I think the party rank and file did head for renewal, when they chose Stephane Dion as leader. He had 10 years' cabinet experience under Chretien and Martin and a squeaky clean personal record--precisely what the party needed to restore public confidence. And look at the competition--rebranded Alliance Reform!! The policies Dion came up with were on the right track and would have appealed to the undecided if the LPC had championed them instead of allowing themselves to be snowed by War Room propaganda.
So now we're older, wiser, and still behind the 8 ball. Asking what Dion would do now may be the best possible solution. I know in my riding, many people with a visceral dislike of the LPC voted for the Liberal candidate in Sept. '08 because Dion was a new kind of Liberal leader.
So how's this for the LPC's new slogan? : "We are the ones you've been waiting for!"

Steve V said...

With all due respect to Dion, from what I've been told, he was old school to the bone, in terms of this party and how it operates. Where was the reform? Yes, some vision, but also far too much time spent defending the past, which was thoroughly rejected by voters. Imagine the next Labour Party referencing the good ole days under Blair/Brown and expecting voters to react positively. Once your tarnished, it's best to look a the horizon, not the past.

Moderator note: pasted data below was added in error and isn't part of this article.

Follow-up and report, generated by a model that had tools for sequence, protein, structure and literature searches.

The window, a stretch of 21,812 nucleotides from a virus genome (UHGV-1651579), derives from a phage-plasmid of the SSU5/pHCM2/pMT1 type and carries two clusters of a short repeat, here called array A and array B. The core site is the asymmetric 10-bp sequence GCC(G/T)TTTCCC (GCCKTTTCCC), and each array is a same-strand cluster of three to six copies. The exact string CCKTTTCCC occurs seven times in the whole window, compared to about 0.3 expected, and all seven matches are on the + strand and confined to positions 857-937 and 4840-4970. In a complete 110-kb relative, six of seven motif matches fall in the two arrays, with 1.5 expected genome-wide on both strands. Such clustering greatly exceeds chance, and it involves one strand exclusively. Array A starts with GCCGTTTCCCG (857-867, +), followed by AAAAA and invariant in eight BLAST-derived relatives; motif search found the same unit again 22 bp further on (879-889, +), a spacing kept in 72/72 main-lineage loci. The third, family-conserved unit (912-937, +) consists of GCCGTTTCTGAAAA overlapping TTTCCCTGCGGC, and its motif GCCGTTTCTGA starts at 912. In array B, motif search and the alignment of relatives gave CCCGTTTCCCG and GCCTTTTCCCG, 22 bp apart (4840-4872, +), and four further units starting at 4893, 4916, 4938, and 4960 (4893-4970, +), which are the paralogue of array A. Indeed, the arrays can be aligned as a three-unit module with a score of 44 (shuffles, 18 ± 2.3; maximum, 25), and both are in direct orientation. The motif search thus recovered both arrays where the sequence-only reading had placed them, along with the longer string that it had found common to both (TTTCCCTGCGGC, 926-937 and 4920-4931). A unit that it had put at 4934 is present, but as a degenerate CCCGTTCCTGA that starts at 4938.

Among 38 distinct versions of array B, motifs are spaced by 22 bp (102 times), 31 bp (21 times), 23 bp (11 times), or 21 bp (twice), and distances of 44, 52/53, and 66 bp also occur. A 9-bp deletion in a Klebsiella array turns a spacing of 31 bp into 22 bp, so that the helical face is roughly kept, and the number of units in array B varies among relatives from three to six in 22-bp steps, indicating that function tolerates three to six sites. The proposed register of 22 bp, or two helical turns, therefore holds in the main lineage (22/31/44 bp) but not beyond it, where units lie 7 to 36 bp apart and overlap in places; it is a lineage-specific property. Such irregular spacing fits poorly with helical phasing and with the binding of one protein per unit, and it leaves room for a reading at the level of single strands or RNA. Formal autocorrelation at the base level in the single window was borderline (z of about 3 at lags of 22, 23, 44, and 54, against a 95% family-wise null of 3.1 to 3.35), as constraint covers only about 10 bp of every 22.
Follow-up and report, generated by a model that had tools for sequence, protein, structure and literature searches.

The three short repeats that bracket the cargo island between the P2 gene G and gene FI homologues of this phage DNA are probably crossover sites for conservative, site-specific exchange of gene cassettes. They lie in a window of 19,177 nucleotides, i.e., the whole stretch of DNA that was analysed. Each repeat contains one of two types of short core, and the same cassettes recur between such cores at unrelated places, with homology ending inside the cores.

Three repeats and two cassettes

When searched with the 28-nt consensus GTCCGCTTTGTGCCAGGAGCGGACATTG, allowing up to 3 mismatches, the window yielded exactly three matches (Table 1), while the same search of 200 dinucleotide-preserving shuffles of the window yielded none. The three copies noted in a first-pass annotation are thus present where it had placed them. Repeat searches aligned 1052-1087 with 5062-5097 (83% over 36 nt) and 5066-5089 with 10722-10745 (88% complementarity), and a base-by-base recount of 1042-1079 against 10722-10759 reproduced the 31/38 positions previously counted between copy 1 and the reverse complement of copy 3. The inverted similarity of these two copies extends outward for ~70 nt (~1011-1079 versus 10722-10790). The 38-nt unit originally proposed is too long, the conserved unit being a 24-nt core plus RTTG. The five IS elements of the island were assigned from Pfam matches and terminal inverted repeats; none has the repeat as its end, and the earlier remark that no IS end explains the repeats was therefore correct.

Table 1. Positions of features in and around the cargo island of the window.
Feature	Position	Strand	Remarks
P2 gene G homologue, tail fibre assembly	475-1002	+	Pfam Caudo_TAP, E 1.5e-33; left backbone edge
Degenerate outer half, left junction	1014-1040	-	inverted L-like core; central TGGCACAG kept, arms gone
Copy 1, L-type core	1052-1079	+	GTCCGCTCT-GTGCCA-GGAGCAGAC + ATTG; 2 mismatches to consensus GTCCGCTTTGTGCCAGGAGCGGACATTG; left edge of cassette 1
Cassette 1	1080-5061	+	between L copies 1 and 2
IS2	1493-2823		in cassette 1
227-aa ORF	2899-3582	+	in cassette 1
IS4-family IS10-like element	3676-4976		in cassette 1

Just to add for all this talk of grassroots expression, if not for non-elected, party stalward delegates, Dion would have finished fourth in true democratic support. People inflate the reality, his assent was made possible by old school "ways".

KNB said...

I tend to think there is a way to meld the two...in fact I see it as imperative.

No high focus on the past, but more of a, 'We know how to move forward' attitude and yes, linking to past glories, just in passing.

The Liberals have been around too long in peoples minds to appear to be a new party and to be frank, I think that would be a big mistake.

New ideas? Absolutely, but a reminder to how we've had them before isn't a bad foundation.

Tricky stuff, but if we are worth our weight, I think we can find that balance.

Steve V said...

I hear what you're saying, but I can think of countless examples, wherein a historically entrenched party has completely reinvented itself and appeared "new". Happens all the time, but you need a new image, new people, new direction and a new presentation. Everybody remembering the glory days, wherein Libs won by default, is hardly inspiring, and at this stage, where the party is on the cusp of complete and irreversable failure, it's actually dangerous. Sometimes, I think the past offers comfort, when really people should be scared to the core. It's slipping away, tired and less relevant, you can see it. Anyways, that's just my two cents from the periphery...